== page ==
This spring and summer, 826DC partnered with the famed Maryland Institute College of Art (MICA) on three sensational projects.
Recognizing the possibilities of our combined creativity, 826DC joined forces with the GD5037 Graphic Design Illustration Collaborative Studio course.
Created a Series of Student Portraits
In a typical year, 826DC would have brought a local photographer to our Young Authors’ Book Project school partner to take the students’ official author photos. This was, however, no typical year.
To keep everyone safe and healthy during the COVID-19 pandemic, 826DC changed things up this time. Students and their families submitted their own author photos, taken in the comfort of their homes and neighborhoods! Artist Alyssa Liles-Amponsah used those photos to create the author portraits in “Sometimes I Have to be Brave.”
The MICA course then used a subset of those photos to create a second, complementary set of portraits, some of which are included below, each in their own distinct artistic style.
Reimagined Delicious Havoc
The class also dove into a high-concept hypothetical redesign of one of our best-selling student books, the currently sold-out “Delicious Havoc.”
Each of the MICA students took the 826DC students’ work seriously; one artist to another.
Transformed 826DC’s Bookbinding Studio
Lastly, the MICA artists also put together mural concepts for our bookbinding studio! Each design concept was unique, yet also aligned with the existing look, feel, and function of the space.
826DC loved Satwik Gade’s design so much that we ended up hiring him to paint it on our walls!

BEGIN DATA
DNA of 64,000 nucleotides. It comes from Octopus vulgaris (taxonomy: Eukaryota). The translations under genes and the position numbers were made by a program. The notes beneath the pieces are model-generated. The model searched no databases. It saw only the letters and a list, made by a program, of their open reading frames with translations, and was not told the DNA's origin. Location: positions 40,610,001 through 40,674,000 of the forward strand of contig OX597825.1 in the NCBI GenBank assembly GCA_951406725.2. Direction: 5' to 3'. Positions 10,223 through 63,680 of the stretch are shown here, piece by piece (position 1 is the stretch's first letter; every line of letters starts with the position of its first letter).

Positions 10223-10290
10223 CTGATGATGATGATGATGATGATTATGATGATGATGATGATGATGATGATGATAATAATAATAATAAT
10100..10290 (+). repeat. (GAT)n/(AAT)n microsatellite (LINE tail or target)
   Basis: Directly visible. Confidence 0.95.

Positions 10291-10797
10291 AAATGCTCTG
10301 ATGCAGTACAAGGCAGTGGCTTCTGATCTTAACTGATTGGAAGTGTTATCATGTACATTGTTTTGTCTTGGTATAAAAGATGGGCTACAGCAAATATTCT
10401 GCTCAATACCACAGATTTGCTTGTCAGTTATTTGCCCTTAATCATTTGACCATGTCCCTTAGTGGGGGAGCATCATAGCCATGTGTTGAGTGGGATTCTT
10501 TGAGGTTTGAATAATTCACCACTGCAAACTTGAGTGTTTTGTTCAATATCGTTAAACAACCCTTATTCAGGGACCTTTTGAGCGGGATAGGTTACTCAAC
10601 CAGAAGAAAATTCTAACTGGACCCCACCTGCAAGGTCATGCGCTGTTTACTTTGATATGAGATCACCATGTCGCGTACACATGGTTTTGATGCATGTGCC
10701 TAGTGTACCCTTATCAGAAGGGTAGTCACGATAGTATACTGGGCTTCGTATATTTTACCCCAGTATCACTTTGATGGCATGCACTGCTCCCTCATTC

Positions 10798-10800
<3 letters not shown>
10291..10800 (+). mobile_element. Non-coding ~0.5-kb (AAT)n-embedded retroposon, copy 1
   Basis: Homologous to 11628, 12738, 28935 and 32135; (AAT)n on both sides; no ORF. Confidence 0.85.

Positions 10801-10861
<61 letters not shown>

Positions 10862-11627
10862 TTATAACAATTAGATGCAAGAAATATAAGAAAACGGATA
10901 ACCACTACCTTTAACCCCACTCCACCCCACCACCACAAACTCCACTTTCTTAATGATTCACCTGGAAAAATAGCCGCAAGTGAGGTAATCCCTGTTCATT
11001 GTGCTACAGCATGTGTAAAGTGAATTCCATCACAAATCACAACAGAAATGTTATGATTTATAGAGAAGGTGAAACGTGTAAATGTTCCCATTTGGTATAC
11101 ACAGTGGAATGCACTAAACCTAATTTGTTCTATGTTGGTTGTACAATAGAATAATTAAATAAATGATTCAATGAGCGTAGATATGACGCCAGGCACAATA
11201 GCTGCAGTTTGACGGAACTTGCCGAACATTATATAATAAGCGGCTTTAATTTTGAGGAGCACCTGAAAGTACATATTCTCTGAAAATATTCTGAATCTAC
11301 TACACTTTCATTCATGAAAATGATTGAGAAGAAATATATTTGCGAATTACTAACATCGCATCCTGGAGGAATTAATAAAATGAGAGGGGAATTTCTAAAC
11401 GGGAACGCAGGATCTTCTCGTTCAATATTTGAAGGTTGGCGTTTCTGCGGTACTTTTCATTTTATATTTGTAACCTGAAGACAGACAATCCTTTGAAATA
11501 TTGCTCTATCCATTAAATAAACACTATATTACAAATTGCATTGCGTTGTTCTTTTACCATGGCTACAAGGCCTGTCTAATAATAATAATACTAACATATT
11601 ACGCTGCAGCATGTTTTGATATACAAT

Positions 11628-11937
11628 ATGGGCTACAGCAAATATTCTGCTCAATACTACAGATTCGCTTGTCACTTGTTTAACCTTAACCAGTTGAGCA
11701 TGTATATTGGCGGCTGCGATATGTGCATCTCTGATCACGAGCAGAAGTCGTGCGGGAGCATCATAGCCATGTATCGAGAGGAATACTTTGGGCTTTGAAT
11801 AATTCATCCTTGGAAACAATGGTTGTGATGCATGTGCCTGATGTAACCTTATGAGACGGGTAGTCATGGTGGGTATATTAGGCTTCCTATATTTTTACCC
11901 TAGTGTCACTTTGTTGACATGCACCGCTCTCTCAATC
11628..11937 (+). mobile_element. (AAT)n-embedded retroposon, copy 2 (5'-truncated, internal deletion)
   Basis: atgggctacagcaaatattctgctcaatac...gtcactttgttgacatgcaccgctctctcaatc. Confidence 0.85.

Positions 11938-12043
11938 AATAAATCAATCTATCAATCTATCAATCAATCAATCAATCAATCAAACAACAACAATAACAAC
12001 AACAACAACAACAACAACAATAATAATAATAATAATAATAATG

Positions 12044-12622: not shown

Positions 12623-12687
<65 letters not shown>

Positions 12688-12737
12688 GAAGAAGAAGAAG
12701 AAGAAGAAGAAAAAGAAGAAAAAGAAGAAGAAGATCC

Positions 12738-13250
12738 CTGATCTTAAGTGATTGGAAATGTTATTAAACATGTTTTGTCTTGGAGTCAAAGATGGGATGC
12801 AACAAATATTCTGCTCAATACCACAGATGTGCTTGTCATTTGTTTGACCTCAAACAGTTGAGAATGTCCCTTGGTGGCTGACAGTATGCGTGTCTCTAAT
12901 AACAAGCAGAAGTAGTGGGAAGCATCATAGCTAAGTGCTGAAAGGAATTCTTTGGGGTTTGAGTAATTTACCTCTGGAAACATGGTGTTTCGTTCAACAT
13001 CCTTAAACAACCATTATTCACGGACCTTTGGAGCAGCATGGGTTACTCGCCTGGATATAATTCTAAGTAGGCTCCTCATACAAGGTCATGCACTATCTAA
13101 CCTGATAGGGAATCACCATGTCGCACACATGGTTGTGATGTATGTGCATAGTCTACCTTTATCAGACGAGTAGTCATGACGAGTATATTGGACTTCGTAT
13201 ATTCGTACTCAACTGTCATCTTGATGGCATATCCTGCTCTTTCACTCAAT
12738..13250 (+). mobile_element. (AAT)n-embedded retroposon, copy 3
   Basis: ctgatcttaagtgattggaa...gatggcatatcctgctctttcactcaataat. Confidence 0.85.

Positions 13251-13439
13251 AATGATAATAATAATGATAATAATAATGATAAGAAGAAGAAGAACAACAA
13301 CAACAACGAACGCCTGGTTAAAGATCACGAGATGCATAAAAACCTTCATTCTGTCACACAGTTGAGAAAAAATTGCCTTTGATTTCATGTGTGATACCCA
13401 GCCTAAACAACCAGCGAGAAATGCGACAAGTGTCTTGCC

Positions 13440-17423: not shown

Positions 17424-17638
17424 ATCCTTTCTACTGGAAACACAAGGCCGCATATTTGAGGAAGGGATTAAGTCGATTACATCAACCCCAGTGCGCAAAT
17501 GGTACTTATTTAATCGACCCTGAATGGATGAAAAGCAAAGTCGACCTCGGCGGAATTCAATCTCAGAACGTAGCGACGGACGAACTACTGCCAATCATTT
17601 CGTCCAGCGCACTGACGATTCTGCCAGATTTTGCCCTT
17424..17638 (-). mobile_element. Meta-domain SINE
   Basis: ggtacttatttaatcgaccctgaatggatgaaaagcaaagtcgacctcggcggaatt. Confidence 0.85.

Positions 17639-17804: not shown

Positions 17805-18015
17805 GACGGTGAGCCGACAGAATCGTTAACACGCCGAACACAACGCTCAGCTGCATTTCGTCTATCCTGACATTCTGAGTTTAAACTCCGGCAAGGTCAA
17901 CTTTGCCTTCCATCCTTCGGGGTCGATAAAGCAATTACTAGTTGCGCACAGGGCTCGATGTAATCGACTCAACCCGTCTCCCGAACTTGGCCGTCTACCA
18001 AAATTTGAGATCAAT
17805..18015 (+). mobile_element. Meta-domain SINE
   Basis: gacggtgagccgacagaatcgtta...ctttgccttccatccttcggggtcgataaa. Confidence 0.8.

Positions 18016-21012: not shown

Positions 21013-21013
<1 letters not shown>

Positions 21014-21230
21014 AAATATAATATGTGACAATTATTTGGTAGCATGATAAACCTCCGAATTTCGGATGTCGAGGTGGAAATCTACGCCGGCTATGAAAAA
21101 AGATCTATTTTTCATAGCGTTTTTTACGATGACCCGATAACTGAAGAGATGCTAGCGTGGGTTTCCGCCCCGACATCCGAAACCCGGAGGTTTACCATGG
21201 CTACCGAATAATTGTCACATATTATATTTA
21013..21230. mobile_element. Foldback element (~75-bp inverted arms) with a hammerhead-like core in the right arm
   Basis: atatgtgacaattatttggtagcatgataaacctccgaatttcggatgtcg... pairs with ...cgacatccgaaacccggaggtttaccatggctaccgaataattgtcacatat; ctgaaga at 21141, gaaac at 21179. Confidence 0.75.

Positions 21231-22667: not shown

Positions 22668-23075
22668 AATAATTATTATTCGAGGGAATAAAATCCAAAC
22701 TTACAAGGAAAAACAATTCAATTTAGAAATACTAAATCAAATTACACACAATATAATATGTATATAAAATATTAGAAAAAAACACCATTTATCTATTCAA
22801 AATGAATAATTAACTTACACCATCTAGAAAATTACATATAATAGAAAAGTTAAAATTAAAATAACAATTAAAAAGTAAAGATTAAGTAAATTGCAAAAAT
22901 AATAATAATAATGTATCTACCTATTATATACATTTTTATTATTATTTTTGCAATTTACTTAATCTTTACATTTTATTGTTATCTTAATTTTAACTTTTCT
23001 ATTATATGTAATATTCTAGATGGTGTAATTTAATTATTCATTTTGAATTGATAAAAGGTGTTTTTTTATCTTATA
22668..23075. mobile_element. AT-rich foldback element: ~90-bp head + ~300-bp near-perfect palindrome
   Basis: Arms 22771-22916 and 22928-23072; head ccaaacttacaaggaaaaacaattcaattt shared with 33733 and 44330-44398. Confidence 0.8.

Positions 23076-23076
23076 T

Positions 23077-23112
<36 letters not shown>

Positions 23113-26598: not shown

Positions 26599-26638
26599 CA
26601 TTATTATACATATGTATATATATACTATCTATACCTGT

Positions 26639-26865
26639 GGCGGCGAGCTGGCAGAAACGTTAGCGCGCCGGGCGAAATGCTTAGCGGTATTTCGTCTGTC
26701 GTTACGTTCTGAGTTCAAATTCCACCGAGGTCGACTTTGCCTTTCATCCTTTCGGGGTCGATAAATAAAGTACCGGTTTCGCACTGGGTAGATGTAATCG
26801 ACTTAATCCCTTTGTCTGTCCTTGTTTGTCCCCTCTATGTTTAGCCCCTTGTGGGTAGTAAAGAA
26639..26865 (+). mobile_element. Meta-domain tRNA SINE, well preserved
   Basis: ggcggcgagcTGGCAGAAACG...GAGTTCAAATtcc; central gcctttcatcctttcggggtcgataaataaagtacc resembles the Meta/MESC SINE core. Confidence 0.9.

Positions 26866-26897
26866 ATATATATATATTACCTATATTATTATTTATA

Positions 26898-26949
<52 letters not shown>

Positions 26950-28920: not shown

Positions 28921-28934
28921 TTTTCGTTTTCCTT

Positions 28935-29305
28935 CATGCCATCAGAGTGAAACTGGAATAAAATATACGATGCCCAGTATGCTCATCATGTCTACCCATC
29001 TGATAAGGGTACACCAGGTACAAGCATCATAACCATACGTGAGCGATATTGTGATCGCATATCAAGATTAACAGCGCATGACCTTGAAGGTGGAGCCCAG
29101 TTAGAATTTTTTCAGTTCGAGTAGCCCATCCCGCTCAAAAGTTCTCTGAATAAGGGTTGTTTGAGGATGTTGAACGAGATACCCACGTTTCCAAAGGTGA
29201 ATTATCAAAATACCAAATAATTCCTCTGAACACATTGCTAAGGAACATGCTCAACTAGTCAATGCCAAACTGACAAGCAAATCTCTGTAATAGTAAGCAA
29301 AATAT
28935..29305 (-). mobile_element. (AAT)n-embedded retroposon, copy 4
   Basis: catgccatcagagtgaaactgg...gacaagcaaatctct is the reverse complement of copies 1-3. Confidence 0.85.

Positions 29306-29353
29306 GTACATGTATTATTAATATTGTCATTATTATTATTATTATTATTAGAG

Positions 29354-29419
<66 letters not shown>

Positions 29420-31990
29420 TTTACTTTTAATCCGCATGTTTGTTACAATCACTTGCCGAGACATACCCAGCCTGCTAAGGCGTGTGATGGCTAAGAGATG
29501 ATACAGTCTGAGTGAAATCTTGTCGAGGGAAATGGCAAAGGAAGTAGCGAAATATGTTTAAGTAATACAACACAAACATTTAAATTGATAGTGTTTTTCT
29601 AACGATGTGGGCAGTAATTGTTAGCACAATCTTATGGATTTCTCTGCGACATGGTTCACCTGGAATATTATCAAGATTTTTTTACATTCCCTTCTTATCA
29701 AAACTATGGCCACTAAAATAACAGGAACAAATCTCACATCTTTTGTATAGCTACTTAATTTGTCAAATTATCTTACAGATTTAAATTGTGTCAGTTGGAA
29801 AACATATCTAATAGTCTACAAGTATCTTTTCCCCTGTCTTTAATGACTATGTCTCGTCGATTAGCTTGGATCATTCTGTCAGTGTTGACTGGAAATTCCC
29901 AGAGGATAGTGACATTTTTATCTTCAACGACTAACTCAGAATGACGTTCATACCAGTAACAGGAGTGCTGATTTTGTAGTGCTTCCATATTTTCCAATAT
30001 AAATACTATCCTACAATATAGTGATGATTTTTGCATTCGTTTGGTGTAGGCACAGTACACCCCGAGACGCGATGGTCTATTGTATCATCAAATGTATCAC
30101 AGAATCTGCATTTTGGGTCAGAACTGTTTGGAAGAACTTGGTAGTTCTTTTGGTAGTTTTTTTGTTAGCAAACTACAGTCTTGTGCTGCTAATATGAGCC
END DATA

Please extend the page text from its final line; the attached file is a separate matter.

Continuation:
We can’t wait for our students and student families to see the mural when we return to in-person programming.
A Perfect Creative Pairing
“We found so much value in partnering with 826DC this semester,” said Sandra Maxa, Director of the Graphic Design MA program. “The energy and time that 826DC staff, as well as our students at MICA brought to the projects resulted in magical, relevant and unique work for our students to share in their portfolios and for 826DC to use promoting young authors.”
“As educators,” she added, “Rebecca Bradley and I were also grateful for 826DC’s help in framing projects with reasonable constraints, imaginative content and the freedom to work with wild ideas.”
Zachary Clark, 826DC’s Executive Director, was also enthusiastic about what we accomplished together.
“I’m so proud of the genuine partnership that developed between MICA and 826DC through this project,” he said. “It was a thrill to see students’—both current and former—words and images rendered with such vision and respect. What emerged from this semester is a testament to the power of youth writing and the ability of the visual arts to amplify these words in new and vivid ways.”
“It was such an absolute pleasure to see the MICA students take on the work by our young authors with such respect, integrity, joy, and creativity,” said Andrea Nelson, 826DC’s Director of Education. “It is the same energy our students bring to the work and to see it matched by this group of professionals at MICA was a dream.”